Ears-ercise can be seamlessly incorporated into obedience training and combined with food. Teaching your dog to sit is a great example of food-motivated ears-ercise because you have to put the treat above its head to get the butt down.

This will engage the ear muscles to locate your voice, while the pup tries to reach the treat in your hand. Again, gravity will unfold those ears, basically conditioning them to “remember” the position.

Another fun activity is teaching your dog to heel. It is incredibly important for a German shepherd to know how to heel, so why not start early if you haven’t already. You’re hitting two birds with one stone here.

5. Taping The Ears

a woman caresses the rocks of a German shepherd

If you bought a purebred German shepherd that seems to have trouble springing those ears up, then its genetics might be weaker. You should definitely let the breeder you bought it from know about the “weak” ears.

The other scenario might be an adopted rescue. If it’s a mixed breed, then there is not much you can do to get the ears to stay upright. If it’s purebred, you might have some success by taping the ears, though.

This is a harmless and painless way to prop the ears up. One of the more reputable training websites and forums, Leerburg, suggests the following way to tape GSD ears:

  • Taping the ears has to be done between the fifth and sixth month of age
  • Use white surgical tape and the foam from hair rollers.
  • Put the foam at the base of the inner part of the ear and wrap the ear around it with the tape holding the two tightly together.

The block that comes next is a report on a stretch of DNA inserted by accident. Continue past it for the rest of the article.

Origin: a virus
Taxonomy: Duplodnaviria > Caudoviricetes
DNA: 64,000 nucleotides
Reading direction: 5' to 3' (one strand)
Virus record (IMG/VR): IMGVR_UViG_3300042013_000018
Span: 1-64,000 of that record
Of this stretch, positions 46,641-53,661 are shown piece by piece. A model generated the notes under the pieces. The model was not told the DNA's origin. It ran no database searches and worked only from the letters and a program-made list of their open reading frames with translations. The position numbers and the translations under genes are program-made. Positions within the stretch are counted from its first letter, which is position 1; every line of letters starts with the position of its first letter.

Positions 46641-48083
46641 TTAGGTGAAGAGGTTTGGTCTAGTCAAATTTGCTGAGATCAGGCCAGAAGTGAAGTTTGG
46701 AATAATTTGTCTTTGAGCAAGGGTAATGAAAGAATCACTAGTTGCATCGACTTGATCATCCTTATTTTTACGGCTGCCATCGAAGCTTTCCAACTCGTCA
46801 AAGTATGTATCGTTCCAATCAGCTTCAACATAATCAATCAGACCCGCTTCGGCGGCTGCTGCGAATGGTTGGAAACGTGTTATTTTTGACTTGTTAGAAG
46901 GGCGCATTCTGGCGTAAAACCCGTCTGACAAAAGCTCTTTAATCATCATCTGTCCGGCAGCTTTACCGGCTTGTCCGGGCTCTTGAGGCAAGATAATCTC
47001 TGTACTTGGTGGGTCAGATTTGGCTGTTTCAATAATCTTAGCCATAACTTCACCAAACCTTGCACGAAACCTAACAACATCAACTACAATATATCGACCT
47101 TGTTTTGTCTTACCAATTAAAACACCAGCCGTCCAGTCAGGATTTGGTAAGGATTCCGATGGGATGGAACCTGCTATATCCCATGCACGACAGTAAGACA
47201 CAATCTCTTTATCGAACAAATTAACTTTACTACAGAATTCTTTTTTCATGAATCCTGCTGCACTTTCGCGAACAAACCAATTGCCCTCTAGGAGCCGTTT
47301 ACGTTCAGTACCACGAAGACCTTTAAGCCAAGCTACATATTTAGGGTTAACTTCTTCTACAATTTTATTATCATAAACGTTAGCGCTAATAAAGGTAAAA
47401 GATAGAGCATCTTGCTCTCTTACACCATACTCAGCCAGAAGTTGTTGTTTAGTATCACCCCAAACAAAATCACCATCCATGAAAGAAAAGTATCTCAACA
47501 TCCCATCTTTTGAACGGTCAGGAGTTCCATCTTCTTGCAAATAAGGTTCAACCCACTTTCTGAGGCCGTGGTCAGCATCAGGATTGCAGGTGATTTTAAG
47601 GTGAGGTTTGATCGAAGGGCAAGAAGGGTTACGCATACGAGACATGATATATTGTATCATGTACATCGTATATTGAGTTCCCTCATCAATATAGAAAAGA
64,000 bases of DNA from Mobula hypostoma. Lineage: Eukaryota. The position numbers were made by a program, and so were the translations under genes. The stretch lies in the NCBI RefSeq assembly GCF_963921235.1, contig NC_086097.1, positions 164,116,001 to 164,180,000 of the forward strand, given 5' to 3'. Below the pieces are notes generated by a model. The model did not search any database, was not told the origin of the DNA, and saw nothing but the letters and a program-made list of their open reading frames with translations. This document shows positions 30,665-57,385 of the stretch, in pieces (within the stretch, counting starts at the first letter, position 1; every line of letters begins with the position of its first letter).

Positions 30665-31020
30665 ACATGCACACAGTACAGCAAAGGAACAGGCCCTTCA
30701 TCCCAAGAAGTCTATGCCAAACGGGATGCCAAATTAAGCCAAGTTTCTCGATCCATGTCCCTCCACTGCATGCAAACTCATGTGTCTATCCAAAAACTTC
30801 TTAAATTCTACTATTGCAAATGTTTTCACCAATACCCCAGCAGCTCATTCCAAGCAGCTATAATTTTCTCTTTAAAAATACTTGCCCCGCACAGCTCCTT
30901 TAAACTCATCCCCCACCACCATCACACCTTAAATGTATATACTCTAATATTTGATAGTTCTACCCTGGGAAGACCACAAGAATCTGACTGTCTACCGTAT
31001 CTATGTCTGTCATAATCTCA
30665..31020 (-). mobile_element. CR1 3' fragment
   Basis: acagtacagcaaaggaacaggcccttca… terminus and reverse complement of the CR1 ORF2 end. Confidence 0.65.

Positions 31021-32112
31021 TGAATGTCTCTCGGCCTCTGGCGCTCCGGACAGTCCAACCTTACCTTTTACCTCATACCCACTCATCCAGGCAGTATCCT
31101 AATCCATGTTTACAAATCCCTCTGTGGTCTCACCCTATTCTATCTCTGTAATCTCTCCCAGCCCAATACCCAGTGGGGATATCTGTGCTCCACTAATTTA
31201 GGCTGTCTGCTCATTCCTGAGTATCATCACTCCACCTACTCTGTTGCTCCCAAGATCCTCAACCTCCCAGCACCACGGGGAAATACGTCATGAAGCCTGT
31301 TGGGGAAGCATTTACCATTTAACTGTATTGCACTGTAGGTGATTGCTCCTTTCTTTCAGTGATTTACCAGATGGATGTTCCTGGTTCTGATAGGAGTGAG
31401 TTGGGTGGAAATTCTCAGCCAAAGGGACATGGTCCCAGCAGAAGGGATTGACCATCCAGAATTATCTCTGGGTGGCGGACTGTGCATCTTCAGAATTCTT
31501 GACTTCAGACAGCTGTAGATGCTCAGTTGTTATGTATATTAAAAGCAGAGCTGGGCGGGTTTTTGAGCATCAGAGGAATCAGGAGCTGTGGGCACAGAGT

• A popsicle stick in a horizontal position should be place on the top part of the ear (the folding one). It should connect the two ears so that they are equally propped up.
  • Whenever your GSD puppy messes up the tape (it can happen daily at the beginning), you should re-tape the ears.
  • Once one taping can hold for seven days, you should re-tape once a week.

Keep in mind that, according to the same Leerburg article mentioned above, there is a time window that will see your GSD puppy’s ears remain erect. If they’re still floppy after seven or eight months of age, that’s it.

In case you would like to see how it is done and what progress to expect, this YouTube video will help with that.

Other, More Complex Ways That Deserve A Mention

Giving the ears time to assume their upright position is fine. However, if your GSD pup is past the seven to eight months age, there are fewer viable options.

One thing to do is surgical implants. Personally, I wouldn’t consider this options as it is simply cosmetic surgery at this point. Maybe you feel scammed by the breed, but your dog shouldn’t be at the sharp end of the stick.

Another method is gluing. It is somewhat similar to taping, but much more messy and used very rarely. 

My Two Cents On Upright GSD Ears

You are better of just accepting the fact that your GSD will have some flop in their ears. You might not be able to win any conformation events, but you will finally find some peace. 

Not only that, but you can’t work against genetics. If you got your German shepherd from a reputable breeder, then it is worth giving them a call or paying them a visit. Express your concerns, but do not expect much.

Although the upright ear position is a German shepherd standard, the relationship between you and your dog overrules any ear shape or position. My advice is to try the five things I covered in the article. If they don’t work, just go with the flow.


[1] Cole, L. K. (2009). Anatomy and physiology of the canine ear. Veterinary Dermatology, 20(5-6), 412–421. https://doi.org/10.1111/j.1365-3164.2009.00849.x